Month: May 2016

Poet TJ Jarrett Reads at Scarritt Bennett Thursday

Listen to me: If you miss TJ Jarrett reading her poetry at Scarritt Bennett Center Thursday at 7:00 pm, you will regret it for the rest of your life.

How do I know this? My bird brain was absolutely sure that the reading was LAST Thursday. I was in a meeting and didn’t skip out because I am SO IMPORTANT. I felt devastated after. I tweeted my heartbreak at a friend, who told me otherwise. I could have kissed her.

I love being wrong. But don’t be like me. Prioritize poetry in your life.

TJJarrett_Color

Photo by Dennis Wile.

Jarrett’s poetry is magical. I have read Zion, her second collection, published 2014, and spent hours chasing her characters back and forth as their moments wove through Jarrett’s words. There’s Aunt Polly, Cicely Tyson, the ghost of her grandfather, her grandmother, and Theodore Bilbo – U.S. Senator, two-time governor of Mississippi, and KKK member. In Chapter 16, Maria Brown wrote of the Bilbo poems: “There’s a kind of moral passion at work between the two protagonists; the desire to be forgiven is met with an equally powerful, though conflicted, desire to forgive.

Jarrett Ain't No Grave and ZionOne thing I love about Zion is how the poems seem very still, yet have a great deal of movement; a slow-burning anxiety observed through Jarrett’s watchful eyes. For those who love story-poems, there is much to be discovered. Those who prefer the contemplative will find many lines on which to linger. But what I think is a major draw to Jarrett’s poetry is her ability to resist moralizing while telling the truths of the human heart in conflict with both itself and our history. Poet Jean Valentine said of Jarrett’s first collection Ain’t No Grave, “I was more lonely before I heard this voice.”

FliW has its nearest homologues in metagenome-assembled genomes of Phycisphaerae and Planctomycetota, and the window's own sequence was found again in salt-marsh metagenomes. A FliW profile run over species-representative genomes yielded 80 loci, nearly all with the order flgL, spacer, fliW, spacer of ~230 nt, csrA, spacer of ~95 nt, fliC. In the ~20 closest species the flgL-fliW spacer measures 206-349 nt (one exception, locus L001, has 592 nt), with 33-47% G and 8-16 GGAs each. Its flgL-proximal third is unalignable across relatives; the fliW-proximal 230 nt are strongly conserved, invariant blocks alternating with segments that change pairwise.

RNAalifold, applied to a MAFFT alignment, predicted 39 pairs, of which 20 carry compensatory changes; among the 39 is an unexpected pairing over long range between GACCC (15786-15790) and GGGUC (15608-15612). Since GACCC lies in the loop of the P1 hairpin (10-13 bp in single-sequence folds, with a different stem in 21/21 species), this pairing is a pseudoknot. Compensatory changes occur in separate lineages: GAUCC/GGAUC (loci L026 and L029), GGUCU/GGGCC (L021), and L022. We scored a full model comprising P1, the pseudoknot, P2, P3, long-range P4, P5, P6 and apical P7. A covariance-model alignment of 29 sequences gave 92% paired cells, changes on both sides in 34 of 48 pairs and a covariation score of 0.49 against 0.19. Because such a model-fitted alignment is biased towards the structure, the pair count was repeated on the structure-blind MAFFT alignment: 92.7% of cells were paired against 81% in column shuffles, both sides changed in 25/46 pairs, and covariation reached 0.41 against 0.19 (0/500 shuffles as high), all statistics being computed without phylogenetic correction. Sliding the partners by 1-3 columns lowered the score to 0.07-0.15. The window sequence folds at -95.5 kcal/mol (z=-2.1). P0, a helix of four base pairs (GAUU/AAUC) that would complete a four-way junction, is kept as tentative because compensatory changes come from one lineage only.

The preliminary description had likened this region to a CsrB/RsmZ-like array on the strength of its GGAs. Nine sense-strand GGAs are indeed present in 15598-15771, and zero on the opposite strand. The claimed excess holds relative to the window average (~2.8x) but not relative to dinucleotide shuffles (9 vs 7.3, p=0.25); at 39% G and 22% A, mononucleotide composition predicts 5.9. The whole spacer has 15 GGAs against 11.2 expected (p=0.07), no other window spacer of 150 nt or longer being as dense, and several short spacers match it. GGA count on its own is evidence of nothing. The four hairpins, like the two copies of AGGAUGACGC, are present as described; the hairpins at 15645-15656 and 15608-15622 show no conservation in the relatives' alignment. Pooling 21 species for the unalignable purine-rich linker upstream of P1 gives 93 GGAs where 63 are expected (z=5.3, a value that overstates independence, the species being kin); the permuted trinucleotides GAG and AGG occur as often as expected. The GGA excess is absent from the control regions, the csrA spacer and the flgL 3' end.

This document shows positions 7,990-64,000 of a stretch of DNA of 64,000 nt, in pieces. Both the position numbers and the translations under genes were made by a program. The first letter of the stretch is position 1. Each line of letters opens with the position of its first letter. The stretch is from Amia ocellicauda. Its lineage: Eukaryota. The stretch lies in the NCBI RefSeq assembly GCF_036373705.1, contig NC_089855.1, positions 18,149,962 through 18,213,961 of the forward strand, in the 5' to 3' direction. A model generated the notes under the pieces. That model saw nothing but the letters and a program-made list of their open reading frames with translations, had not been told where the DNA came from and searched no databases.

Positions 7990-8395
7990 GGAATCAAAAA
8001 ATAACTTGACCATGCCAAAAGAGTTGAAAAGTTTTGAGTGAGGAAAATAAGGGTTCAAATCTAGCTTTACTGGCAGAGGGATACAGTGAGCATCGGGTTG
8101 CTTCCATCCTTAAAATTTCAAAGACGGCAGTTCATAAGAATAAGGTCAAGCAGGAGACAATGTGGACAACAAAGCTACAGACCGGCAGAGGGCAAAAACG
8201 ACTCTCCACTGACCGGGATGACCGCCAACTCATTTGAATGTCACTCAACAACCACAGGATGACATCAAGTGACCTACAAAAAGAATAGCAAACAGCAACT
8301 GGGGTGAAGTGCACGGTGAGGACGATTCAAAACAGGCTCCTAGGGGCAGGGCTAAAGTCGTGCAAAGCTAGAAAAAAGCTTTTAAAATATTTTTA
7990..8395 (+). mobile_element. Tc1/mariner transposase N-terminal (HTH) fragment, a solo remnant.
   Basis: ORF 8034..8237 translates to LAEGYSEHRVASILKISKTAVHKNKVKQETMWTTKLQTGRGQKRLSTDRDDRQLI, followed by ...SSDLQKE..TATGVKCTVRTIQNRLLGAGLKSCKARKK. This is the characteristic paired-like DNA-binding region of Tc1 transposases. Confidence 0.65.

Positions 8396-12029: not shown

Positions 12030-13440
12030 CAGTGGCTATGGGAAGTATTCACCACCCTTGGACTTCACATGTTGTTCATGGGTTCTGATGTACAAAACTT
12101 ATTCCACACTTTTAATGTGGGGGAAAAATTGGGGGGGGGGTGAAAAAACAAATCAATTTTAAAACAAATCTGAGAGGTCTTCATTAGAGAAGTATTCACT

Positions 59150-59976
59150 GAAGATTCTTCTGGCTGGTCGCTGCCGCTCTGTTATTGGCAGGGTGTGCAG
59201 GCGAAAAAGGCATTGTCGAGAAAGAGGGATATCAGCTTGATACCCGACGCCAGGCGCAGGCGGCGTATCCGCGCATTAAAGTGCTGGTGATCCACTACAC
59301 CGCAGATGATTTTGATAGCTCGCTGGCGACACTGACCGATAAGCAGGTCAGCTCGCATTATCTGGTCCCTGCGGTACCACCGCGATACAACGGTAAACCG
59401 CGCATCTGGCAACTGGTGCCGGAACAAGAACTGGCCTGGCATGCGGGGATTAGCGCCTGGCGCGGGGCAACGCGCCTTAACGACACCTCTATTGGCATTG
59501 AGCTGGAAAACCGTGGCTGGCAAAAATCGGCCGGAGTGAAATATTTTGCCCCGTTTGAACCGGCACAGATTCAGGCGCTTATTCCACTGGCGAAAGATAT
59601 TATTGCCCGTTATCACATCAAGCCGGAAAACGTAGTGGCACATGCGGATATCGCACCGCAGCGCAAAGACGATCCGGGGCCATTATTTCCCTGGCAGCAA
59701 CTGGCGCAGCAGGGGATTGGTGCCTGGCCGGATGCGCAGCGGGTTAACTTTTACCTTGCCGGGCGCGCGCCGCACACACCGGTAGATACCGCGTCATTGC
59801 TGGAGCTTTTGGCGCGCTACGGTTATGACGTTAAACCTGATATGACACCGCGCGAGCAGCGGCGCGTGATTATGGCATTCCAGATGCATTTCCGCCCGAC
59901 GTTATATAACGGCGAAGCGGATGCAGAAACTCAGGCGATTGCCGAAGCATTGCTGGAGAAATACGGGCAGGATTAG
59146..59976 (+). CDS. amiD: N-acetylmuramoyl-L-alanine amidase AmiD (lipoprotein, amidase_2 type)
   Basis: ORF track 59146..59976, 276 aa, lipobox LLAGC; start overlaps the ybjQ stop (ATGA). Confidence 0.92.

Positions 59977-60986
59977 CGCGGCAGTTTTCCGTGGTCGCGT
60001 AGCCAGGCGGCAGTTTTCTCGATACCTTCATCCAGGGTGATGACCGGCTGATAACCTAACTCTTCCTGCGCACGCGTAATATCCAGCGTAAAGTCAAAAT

Jarrett said in an interview with The Atlantic last year:

I believe in redemption. I believe some poems are really prayer. I believe one is called to write poems because God knows it’s not for money. I believe the words move you and not the other way around. I believe that one should submit humbly to hearing what the soul has to say. I’m not terribly religious, but I know some poems come, and I just stand by and attend their journey into the world.

Jarrett lives in Nashville, and in addition to being a poet, she is a software engineer. How dope is that?

The reading will be at Scarritt Bennett Center in Fondren Hall at 7:00 p.m. on Thursday, May 26. Unlike every place else in the Vanderbilt area, Scarritt Bennett has two amazing and free parking lots. Lot A is closest to Fondren. Here is a map of their campus.

 

NORF Wall festival, thoughts on gentrification, and how much I love Roberto Bedoya

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Last fall, a North Nashville artist named Jay Jenkins (a.k.a. Woke3) brought together a dozen artists to transform a vacant lot in North Nashville into a public art space. Jenkins, a recent TSU grad, got a Metro Arts THRIVE grant to commission murals that engaged with social issues. I did a story on the project for Nashville Public Radio here.

Since then, the artists involved have formed the Norf Art Collective, and you can catch them painting again this Saturday, May 21 from 4-8 p.m. Set your GPS for 817 18th Ave. N. It’s under a small bridge on D.B. Todd Jr. Blvd. There will be live music from the Street Band Clan and food trucks, so come hungry. $5 to get in.